While Palpatine was primarily practical, ILM did complex digital takeovers and environmental effects. For example, all of the shots of Palpatine’s hands are completely digital. The ILM team contributed some digital makeup to Palpatine to help blend certain aspects of the makeup and some key effects such as the regeneration sequence.
The undercroft of the monolith environment where the action takes place is a great example of ILM not only accessing the previous films for inspiration and reference but also “material from the expanded universe”, says Tubach. The massive ancient Gothic statues and much of the architecture references both Lucasfilm Game design assets and other designs from the non-feature film Star Wars expanded universe. The First Order’s assembly space was also designed to remind the viewer of ancient Roman coliseums, building on the theme of Empire and the Emperor Palpatine.
Rey and Kylo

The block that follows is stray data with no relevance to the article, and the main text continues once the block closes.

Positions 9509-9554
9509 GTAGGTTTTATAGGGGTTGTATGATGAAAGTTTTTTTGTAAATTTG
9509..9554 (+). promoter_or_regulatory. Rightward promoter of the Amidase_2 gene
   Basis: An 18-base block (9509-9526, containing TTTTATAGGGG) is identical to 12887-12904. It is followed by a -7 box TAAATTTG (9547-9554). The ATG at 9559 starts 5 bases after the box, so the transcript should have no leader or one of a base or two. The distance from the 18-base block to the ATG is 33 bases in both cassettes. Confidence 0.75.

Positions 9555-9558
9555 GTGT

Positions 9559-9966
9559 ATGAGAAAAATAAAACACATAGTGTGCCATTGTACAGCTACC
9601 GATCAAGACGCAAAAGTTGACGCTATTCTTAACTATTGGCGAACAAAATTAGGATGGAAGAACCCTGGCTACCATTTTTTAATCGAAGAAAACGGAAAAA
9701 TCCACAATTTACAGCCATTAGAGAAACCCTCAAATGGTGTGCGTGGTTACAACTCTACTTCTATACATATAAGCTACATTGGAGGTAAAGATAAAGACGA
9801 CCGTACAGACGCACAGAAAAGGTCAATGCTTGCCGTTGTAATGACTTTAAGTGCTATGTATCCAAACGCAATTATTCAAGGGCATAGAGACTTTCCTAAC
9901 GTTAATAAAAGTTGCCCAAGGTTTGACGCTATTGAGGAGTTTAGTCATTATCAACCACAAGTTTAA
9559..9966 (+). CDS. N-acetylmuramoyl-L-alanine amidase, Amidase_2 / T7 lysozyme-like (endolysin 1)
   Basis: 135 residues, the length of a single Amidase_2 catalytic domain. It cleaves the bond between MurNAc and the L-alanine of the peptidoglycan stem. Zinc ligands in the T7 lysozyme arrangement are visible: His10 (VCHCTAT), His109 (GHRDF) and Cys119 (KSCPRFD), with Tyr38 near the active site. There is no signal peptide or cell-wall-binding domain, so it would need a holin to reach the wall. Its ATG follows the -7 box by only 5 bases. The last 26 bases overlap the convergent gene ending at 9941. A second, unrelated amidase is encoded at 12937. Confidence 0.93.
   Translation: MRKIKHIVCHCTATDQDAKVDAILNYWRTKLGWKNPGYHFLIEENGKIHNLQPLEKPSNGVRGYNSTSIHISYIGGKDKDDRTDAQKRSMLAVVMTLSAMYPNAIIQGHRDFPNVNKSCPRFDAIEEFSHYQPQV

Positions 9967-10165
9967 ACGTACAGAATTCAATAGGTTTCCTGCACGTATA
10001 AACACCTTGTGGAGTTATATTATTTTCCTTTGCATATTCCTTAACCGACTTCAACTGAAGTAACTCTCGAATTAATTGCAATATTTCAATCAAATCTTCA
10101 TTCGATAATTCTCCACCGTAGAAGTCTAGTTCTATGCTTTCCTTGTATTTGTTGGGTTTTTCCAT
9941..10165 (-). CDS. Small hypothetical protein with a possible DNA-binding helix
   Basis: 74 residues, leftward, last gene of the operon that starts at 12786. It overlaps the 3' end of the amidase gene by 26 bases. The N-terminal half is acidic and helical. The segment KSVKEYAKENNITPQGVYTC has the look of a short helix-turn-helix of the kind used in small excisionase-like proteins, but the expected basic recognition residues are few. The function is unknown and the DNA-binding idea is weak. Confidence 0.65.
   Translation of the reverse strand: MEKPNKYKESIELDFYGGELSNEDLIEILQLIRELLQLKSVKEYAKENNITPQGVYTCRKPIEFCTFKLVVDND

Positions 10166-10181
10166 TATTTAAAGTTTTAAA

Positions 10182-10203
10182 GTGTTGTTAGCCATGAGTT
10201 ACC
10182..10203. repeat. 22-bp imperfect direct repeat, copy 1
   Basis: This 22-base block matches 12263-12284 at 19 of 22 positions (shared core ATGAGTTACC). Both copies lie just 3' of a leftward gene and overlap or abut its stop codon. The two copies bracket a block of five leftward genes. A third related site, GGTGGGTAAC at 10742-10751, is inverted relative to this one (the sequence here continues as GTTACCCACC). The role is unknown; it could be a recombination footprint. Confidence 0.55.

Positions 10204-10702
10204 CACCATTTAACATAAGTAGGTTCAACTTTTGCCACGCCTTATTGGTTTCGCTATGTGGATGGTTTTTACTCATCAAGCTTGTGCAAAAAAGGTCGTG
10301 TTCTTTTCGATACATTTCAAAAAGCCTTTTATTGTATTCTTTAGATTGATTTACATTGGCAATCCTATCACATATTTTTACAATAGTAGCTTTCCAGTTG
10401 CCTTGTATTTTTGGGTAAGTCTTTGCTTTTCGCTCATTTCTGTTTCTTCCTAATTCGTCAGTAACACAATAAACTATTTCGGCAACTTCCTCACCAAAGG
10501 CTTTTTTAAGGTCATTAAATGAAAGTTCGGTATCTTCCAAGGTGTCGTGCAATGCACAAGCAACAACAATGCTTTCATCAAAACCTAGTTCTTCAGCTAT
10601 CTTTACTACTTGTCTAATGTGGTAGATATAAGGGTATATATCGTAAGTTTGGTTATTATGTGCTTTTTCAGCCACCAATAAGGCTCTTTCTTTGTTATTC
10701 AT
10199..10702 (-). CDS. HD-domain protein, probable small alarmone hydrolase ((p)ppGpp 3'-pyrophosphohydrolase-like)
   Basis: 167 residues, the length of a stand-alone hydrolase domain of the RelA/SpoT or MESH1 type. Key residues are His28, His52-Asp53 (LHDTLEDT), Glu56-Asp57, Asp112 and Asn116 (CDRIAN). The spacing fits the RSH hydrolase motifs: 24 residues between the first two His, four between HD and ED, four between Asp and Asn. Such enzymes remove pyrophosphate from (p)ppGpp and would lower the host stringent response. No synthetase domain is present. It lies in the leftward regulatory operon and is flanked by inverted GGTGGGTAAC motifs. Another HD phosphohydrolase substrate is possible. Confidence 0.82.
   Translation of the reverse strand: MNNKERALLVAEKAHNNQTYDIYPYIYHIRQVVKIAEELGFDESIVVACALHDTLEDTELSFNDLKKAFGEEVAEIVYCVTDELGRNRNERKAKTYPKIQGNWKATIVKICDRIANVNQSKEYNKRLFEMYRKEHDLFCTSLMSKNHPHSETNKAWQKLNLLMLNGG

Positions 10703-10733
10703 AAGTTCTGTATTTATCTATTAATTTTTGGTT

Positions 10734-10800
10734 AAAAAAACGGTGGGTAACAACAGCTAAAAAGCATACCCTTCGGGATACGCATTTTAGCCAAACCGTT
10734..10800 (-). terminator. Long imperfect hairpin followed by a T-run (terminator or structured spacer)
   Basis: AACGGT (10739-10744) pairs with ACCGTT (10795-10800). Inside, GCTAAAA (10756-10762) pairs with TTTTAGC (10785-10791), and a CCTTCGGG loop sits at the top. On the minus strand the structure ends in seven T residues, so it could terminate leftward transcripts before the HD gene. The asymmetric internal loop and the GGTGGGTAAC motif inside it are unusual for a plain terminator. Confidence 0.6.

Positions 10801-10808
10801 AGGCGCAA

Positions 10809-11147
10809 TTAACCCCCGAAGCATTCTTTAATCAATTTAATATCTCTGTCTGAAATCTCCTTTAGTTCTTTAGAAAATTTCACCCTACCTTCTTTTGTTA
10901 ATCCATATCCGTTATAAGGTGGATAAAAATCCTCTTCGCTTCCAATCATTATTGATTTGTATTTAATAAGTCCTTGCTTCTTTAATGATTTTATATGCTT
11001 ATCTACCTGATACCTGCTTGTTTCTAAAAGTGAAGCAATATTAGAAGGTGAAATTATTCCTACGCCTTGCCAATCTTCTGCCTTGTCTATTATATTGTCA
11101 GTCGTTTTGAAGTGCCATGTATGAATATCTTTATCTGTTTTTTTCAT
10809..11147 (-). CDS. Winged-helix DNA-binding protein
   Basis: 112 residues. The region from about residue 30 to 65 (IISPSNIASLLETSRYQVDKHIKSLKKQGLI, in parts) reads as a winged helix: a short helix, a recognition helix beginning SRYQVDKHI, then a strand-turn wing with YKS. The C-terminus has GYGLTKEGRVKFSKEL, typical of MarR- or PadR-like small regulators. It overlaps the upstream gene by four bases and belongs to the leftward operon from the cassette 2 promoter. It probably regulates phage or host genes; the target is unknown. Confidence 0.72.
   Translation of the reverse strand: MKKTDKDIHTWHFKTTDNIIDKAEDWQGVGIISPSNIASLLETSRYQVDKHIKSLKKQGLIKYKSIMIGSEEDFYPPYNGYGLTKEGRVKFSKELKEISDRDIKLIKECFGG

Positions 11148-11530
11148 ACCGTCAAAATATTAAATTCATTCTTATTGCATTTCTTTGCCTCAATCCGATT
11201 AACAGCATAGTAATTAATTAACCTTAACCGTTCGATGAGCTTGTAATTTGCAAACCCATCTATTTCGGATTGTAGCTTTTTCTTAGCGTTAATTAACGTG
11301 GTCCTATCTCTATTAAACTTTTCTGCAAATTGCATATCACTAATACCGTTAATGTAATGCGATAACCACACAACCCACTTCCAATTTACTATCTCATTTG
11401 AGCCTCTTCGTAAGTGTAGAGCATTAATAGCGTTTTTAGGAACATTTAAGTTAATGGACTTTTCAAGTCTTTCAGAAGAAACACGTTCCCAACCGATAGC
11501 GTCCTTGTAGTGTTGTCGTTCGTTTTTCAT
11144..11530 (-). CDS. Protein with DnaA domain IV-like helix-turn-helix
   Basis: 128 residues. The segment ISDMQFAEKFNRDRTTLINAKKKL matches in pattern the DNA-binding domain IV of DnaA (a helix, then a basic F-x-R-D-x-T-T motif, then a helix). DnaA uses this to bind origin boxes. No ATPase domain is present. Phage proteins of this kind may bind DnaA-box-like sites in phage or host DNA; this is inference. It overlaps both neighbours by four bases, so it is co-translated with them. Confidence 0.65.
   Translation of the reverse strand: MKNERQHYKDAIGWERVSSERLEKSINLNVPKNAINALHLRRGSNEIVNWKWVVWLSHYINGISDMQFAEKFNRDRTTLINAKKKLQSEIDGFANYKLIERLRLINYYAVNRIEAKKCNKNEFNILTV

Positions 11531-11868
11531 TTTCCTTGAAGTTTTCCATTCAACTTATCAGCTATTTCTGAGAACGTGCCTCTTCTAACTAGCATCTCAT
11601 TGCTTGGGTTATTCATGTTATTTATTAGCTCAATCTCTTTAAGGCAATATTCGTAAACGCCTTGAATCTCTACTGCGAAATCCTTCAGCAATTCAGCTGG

One of the most dramatic scenes in The Rise of Skywalker was the lightsabre battle at the fallen Deathstar while huge storm waves crashed around Rey and Kylo. Unlike the original films, the actors in the last few Star Wars films have been able to fight with ‘real’ Lightsabres. The onset props when shooting lightsabre fights have been evolving. Starting with The Force Awakens, the actors have been given props that have LED lighting in them, and that allows the actor to actually clash rather than just mime their encounter. For this latest film, the actual technology had evolved further. The onset props are now both more robust and lighter. There are now different versions of the Lightsabres for different moments in the film, each with controllable light output. Contact lighting generated by the actual LED lightsabres swinging around is invaluable for selling the effect but in the darker environments for example, when Rey is in the tunnels with the snake-type creature, the team needed to be careful to not overdo the practical lighting. “Having the light source is invaluable for the guys doing the shots, it makes a great difference when you put the actual finished visual effects” explains Guyett.” But sometimes you’re riding the dimmer on the lightsabre a little bit, making sure that it is not too weak or too strong. It is great to actually see what was going on in real-time, that’s part of the wonderful quality of it.”